The latest Marquette University Law School poll had the presidential and Senate races in Wisconsin essentially tied, a tightening in both races from the last survey two weeks ago.
The poll found 49 percent of respondents backed President Obama, compared to 48 percent who supported Mitt Romney. Charles Franklin, the poll’s director, said the two were separated by fractions of a point and the 1 percentage point difference was due to rounding.
Two weeks ago, the poll had Obama up 53-42.
In the Senate race, Tommy Thompson was backed by 46 percent of respondents, while 45 percent supported Tammy Baldwin. Franklin said like with the presidential race, the difference between the Senate contenders was a fraction of a point.
In the last Marquette poll, Baldwin led by 4 percentage points.
In both of the races, Franklin attributed the tightening to a shift with independents.
Independents went from backing Obama 49-40 in the last poll to a 49-45 Romney edge in the new survey.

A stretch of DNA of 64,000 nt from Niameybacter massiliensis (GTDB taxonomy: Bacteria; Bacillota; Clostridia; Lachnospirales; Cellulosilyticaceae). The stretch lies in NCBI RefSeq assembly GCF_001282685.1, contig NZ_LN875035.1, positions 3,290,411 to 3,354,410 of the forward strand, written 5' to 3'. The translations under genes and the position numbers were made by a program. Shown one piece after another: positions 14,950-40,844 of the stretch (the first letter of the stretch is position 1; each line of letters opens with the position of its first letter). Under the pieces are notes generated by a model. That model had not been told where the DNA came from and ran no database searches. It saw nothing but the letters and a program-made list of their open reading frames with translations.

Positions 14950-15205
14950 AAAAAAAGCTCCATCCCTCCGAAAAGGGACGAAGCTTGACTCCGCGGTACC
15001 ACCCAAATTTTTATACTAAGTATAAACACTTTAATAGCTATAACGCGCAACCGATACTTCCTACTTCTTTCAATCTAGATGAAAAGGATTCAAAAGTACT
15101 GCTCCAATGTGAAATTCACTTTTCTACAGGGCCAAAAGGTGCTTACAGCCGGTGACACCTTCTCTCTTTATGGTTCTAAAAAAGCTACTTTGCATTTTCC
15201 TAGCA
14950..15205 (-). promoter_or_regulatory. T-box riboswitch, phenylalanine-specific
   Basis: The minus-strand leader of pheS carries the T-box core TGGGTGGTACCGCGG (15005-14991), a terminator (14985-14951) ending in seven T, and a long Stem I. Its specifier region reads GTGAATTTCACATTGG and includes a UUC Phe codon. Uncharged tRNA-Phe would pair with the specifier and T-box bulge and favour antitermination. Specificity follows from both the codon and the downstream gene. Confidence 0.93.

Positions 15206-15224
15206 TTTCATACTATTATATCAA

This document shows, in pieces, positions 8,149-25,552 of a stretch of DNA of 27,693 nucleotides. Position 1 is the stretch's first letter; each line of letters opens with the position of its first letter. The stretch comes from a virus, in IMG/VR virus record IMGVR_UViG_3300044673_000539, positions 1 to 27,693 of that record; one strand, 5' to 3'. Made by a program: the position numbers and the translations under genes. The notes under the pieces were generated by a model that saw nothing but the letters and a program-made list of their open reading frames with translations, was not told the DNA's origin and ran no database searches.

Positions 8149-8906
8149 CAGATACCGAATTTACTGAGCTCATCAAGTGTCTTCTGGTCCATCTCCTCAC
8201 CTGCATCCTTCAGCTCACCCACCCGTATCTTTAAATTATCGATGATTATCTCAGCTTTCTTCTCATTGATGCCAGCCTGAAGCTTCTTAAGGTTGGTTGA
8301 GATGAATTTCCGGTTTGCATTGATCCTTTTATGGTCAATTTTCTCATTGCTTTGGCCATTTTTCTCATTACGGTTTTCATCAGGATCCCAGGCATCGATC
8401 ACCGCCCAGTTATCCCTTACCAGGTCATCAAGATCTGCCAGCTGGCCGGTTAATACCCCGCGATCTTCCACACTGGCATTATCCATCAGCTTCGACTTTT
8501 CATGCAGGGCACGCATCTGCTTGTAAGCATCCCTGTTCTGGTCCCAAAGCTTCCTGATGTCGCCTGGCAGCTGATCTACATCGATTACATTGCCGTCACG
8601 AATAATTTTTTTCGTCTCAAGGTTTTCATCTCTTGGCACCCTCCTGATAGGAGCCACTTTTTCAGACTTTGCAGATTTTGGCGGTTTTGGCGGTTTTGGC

In the Senate race, they went from a 43-43 split to a 44-41 advantage for Thompson.
For both races, there was also a shift in the gender gap.
Two weeks ago, Obama had a 61-36 advantage with women, but it’s now down to a margin of 4 percentage points.
Two weeks ago, Thompson led 50-41 among men with his lead now 47-43. Baldwin led among women 54-38, but it’s now down to 47-44.
The survey was conducted Oct. 11-14, coming out of the field before last night’s presidential debate. It went into the field the same day as the only vice presidential debate of the campaign.
Franklin said the first presidential debate had an impact on the results. Of those who watched the first presidential debate, Romney led 50-48. Those that did not watch it favored Obama 50-42 with about three-fourths of the likely voters surveyed saying they watched the debate.
The survey of 870 likely voters had a margin of error of plus or minus 3.4 percentage points. Cell phone users made up about 30 percent of the sample.
Franklin said 31 percent of respondents identified themselves as Dems, a drop of 3 percentage points from the last survey. Twenty-eight percent said they were Republicans, unchanged from the previous poll.
-- By JR Ross